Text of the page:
Again, you’ll likely see a big crowd at the entrance – but don’t let this discourage you because everyone already has tickets, and you won’t spend too much time waiting in line. You can buy tickets on the spot, but we recommend buying them online and using a QR code to enter the monastery. We waited less than 10 minutes, and it was definitely worth it! The church and the cloisters were out-of-this-world! A true architectural gem, without a doubt. And let’s not forget about the exterior and its grand entrances!

The Monument of the Discoveries

The Monument of the Discoveries, Lisbon
The Monument of the Discoveries. Photo by Viktoriia Rusu

The Monument of the Discoveries was built between 1958 and 1960 to commemorate the death of Henry the Navigator, a central figure in the 15th-century maritime discoveries and expansions.

The monument features the statue of Henry the Navigator holding a carrack and other 33 figures that played an important role in the history of the Discoveries, including Afonso V of Portugal, Pedro Alvares Cabral, Ferdinand Magellan, Afonso de Albuquerque, and Nuno Goncalves, among others.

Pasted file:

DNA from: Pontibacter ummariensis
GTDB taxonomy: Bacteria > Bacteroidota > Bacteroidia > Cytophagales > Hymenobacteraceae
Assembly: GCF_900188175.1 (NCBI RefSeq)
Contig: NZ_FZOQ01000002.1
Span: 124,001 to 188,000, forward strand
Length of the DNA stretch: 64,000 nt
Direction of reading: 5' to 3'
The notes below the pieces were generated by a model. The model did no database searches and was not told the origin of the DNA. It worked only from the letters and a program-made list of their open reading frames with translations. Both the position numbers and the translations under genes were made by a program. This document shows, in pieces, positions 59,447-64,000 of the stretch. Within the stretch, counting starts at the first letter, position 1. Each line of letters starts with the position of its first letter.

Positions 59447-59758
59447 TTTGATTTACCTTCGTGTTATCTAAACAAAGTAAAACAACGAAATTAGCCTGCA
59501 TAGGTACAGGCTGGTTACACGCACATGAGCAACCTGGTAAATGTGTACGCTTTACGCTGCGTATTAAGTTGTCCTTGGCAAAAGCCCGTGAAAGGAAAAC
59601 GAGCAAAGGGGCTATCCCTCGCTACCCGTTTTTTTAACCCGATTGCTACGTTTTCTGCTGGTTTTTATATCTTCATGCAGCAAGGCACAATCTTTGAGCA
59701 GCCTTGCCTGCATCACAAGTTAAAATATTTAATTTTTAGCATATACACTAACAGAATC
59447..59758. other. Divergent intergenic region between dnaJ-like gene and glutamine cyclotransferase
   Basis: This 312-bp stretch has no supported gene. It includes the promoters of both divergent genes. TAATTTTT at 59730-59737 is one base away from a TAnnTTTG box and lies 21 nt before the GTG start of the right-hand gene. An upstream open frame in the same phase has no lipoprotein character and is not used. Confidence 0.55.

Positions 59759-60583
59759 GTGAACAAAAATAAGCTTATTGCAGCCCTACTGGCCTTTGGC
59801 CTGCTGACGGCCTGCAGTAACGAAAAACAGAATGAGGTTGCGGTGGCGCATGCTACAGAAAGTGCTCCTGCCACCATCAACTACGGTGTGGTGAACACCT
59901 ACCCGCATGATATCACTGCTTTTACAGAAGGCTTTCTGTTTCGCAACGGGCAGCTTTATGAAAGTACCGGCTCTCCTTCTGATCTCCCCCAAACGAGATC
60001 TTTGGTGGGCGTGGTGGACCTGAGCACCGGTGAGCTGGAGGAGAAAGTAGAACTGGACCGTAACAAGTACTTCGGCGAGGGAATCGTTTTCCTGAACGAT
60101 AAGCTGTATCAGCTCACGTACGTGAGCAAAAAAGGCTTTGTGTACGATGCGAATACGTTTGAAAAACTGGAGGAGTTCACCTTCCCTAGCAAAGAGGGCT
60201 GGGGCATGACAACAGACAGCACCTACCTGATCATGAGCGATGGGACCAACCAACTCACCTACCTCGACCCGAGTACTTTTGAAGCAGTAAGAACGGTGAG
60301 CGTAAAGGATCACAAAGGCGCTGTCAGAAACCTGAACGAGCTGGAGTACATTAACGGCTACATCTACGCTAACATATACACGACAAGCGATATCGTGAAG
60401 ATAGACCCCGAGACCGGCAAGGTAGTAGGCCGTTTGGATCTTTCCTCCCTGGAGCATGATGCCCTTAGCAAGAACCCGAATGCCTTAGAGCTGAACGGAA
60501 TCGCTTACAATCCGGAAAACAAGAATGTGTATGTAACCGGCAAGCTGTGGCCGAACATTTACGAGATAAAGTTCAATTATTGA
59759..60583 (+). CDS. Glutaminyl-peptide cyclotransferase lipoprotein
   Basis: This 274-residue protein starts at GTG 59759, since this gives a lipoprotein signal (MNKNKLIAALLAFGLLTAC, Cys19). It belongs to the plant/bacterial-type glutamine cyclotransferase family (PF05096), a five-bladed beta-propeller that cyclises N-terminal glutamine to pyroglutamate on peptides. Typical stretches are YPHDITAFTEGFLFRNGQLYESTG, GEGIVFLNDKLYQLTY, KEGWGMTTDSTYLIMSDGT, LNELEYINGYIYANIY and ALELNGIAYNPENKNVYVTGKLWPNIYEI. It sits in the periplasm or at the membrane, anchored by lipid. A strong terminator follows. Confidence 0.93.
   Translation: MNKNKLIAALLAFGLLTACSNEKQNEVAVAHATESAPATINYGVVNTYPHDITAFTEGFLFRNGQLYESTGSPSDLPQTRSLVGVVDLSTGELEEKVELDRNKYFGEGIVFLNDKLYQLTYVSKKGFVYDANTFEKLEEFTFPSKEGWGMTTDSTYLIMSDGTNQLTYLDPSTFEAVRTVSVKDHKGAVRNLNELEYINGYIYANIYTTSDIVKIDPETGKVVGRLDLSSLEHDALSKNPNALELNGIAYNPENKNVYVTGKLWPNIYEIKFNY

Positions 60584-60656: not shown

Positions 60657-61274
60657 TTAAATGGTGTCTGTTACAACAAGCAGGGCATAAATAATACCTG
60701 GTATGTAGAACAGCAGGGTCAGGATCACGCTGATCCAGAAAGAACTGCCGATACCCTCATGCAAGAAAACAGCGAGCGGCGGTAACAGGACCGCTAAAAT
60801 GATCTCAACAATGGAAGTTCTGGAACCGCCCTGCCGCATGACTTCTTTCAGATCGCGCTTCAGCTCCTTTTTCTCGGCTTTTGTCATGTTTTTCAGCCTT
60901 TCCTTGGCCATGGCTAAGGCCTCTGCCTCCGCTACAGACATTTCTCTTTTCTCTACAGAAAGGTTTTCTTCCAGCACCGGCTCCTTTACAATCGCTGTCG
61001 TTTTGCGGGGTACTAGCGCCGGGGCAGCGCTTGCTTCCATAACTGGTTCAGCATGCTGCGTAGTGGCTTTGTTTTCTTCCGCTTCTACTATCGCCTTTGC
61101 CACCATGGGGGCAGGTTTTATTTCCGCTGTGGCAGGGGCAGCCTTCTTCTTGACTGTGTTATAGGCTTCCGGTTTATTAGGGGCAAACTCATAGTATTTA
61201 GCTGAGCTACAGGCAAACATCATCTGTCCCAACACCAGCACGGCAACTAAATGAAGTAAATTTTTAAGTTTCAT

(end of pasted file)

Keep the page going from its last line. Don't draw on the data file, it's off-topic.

While the exterior is stunning and will likely amaze you on the spot, you can also visit the interior, which consists of three areas, all of which usually have some exhibitions.

The Belém Tower

Torre de Belem, Lisbon
Torre de Belem. Photo by Viktoriia Rusu

While you’re in the area, you simply cannot miss the Belém Tower – visit it, and you’ll have a full day! Then, you can head toward a restaurant for a well-deserved dinner!

Belém Tower is another iconic Manueline structure. It was built in the 16th century and served as an embarkation and disembarkation point for the Portuguese explorers. In 1983, it was designated a UNESCO World Heritage Site alongside the Jerónimos Monastery.

The exterior is a true Manueline gem with some Moorish influences. The interior has a circular staircase, two contiguous halls with vaulted ceilings, and masonry arches.

Day 2 – Lisbon City Center

Miradouro de Santa Luzia, Lisbon
Miradouro de Santa Luzia. Photo by Viktoriia Rusu

We booked our second day for the Lisbon city center. We first arrived at the Baixa-Chiado metro station and headed straight to Cafe a Brasileira to enjoy a coffee with Fernando Pessoa, one of Portugal’s most famous writers.

Then, we entered Livraria Bertrand, the oldest operating bookstore in the world, and checked out the Elevador de Santa Justa. From there, we walked to Praça Dom Pedro IV to admire the monument and the incredibly beautiful jacarandas.